Severing its final ties with the recently merged Ticketmaster/Live Nation conglomerate, Merriweather Post Pavilion operator I.M.P. has signed with independent ticket distributor and marketer Ticketfly, officials announced today.
Starting this season, Ticketfly will handle all of the Columbia amphitheater's ticket sales, according to I.M.P. chairman Seth Hurwitz. Hurwitz, an outspoken opponent of Live Nation, began using Ticketfly for shows at the 9:30 Club, which I.M.P. also runs, near the end of last year.
"This is obviously a major venue for (Ticketfly), but we've had a great time with them," Hurwitz said. "They seem to be able to handle anything."
Through Ticketfly, customers will not have to pay a fee to print tickets at home, and service charges will drop as much as 30 percent, Hurwitz said. ...
The first two shows offered through Ticketfly, My Morning Jacket's May 1 performance and the May 16 Sugarland concert, will go on sale at 10 a.m. Feb. 26.
"I know people hate service charges, but they're a fact of life," Hurwitz said. "We wanted to get them as low as we could."
Last year, Hurwitz filed suit against Live Nation, claiming the company acquired a monopoly on the national touring market and used its leverage to "entice and coerce artists to appear only at amphitheatres and other venues it owns, operates or at which it controls the booking." The lawsuit is pending.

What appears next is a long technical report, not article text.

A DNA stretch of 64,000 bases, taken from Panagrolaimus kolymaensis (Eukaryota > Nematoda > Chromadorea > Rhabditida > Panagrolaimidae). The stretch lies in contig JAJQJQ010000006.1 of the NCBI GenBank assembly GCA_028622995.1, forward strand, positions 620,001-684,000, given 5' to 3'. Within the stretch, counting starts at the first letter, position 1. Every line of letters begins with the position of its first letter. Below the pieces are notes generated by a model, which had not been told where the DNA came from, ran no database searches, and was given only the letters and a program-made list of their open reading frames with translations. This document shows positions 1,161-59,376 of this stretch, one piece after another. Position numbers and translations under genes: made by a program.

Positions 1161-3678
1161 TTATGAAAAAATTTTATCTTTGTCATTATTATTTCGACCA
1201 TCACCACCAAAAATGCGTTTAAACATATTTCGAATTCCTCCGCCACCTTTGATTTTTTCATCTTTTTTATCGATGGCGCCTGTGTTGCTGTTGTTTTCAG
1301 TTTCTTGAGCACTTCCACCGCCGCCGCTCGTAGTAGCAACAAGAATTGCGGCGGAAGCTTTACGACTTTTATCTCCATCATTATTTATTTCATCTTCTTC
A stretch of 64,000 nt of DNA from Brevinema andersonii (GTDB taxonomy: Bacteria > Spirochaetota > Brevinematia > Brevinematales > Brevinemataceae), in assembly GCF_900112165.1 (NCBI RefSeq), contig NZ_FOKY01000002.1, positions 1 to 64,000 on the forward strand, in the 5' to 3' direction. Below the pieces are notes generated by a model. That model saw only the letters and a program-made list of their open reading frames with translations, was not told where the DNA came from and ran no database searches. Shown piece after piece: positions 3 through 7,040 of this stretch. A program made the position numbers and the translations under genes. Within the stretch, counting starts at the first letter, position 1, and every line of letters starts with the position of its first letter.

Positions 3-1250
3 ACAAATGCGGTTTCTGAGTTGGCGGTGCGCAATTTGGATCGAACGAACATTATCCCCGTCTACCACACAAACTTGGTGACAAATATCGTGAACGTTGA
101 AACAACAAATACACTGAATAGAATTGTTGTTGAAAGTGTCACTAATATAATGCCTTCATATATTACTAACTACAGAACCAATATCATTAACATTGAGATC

"We're like the Goldman family in the O.J. trial," Hurwitz said. "The government didn't help, so we're taking matters into our own hands."
Ticketfly was launched by the co-founder of pionering online ticketing company TicketWeb, and uses social media to help promote its shows. It currently sells tickets for the Knitting Factory, Bimbo's 365 Club in San Francisco, Brooklyn Bowl in New York and Troubadour in Los Angeles.
Merriweather's contract with Ticketmaster expired in 2008, and I.M.P. was using Ticketmaster at will since then, Hurwitz said. He hopes his decision will prompt other independent venue owners to sign with smaller ticket sellers such as Ticketfly.
"Hopefully this move will demonstrate to people it's possible to have a choice," he said. "We wanted to make that choice -- rather than sitting around whining about it."
(Baltimore Sun photo of Merriweather by Christopher T. Assaf)